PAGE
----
Will Social Security Run Out of Money? Graphs and Stats Here
- April 5, 2019
- by Michael
Many Americans are doubtful of ever getting their Social Security benefits. They have good reason to be worried. The system pays out more than it takes in. It is already running a deficit and is on schedule to be depleted in 2034. We explore what might happen in this post.
The History of Social Security and How It Has Changed:
In 1935 President Franklin D. Roosevelt signed the Social Security Act. In 1937 the first Social Security tax was implemented. This required workers and employers to pay 1% of the first $3,000 in wages or salary ($52,376 in today’s dollars).
The program was developed for workers to earn benefits by paying into the system during their working years and then draw on it when they retire or if they become disabled. When it was created, I doubt anybody wondered if social security would ever go bankrupt.
Over the years as costs increased, lawmakers did raise taxes to help it stay afloat. As of 2019 the tax has grown to 12.4% (split equally between the employee and the employer) on the first $132,900 of income.
The Ratio of Workers to Retirees has Dropped:
The program’s financial security is solid when the ratio of workers to retirees high (more people paying in than those taking out).
In the early years of the program the ratio of workers to retirees was high so the trust fund’s balance grew. The ratio hovered above 3 workers per retiree until about 2010.
Now the situation is flipped, and it is getting worse as baby boomers begin to retire. The projected ratio going forward is only 2.2 workers per retiree. This imbalance has many people afraid of what will happen.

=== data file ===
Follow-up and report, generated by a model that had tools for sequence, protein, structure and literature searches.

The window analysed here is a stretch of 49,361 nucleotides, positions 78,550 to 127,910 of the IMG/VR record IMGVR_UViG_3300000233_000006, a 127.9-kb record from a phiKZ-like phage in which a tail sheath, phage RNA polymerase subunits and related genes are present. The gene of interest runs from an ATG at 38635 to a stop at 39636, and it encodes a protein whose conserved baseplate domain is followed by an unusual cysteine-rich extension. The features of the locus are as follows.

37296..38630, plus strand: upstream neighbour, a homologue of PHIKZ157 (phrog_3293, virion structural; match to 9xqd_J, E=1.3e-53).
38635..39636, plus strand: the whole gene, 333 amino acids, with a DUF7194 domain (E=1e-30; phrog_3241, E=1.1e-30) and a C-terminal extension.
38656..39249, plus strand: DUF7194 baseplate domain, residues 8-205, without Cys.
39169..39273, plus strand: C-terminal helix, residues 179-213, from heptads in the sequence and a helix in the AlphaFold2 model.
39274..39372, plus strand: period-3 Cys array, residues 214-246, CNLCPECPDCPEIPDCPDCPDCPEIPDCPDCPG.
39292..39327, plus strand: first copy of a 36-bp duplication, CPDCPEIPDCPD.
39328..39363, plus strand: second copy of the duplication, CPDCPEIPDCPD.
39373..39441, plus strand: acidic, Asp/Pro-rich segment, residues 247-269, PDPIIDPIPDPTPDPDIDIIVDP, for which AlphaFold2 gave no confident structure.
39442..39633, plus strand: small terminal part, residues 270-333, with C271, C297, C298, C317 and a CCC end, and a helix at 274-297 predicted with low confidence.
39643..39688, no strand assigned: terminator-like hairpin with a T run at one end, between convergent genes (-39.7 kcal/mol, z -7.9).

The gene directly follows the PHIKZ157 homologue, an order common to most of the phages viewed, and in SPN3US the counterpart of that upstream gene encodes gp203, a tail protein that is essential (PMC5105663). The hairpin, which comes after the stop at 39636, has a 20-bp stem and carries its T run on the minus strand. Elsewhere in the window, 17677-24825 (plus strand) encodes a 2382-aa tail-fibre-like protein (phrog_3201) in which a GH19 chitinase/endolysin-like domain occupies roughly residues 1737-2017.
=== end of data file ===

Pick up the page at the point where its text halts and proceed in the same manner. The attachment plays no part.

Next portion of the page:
On the retiree side, improvements in medicine and health care are keeping people alive longer so there are more retirees drawing benefits for a longer length of time.
The Social Security Trust Fund Is Running Dry:
The Social Security program has a trust fund that holds the excess contributions to the program. As a result of fewer workers and more retirees than projected the Social Security Administration states that the Trust Fund will run out by 2034.
Being $14 trillion in the hole looks pretty bad, but as a percentage of GDP it isn't a lot to worry about.
Thankfully as a percentage of GDP the cost is expected to level off, which is the real clincher for its long term viability.
What Happens if Social Security “Goes Broke”:
When the social security trust fund “runs out” that doesn’t mean today’s workers won’t receive benefits, it simply means they may receive less than they had anticipated, or the government will have to borrow to cover the difference, adding to the deficit.
Here is what the Social Security administration 2018 annual report has to say:
Social Security’s total cost is projected to exceed its total income (including interest) in 2018 for the first time since 1982.... until 2034 when the OASDI reserves will be depleted. Thereafter, scheduled tax income is projected to be sufficient to pay about three-quarters of scheduled benefits through the end of the projection period in 2092.
(Social Security Administration - A Summary of the 2018 Annual Reports, emphasis added)
Not to Worry, The Sky Isn’t Falling:
Worst case scenario (if no changes are made to the program by lawmakers) it is projected to pay three-quarters of scheduled benefits through the end of 2092. So a 25% haircut might be coming in the 2030’s or beyond, but that is if politicians do nothing. There are plenty of options such as raising taxes, increasing the retirement age, or reducing benefits in certain cases.
Remember, Social Security is a social insurance program that millions of voters depend on to meet basic needs. It is a direct injection of cash into the economy every month. It also helps to stave off macro level financial disasters.
Sure it wasn't designed for the long life expectancy we enjoy today. But it isn’t going to disappear or suddenly collapse. Chances are you will have a large portion of your Social Security benefit when you retire, if not all of it.
- Tips for maximizing your social security benefit.
- Social Security Administration - A Summary of the 2018 Annual Reports.
- Social Security Administration - 2018 OASDI Annual Report (more detailed than previous link, includes link to PDF report).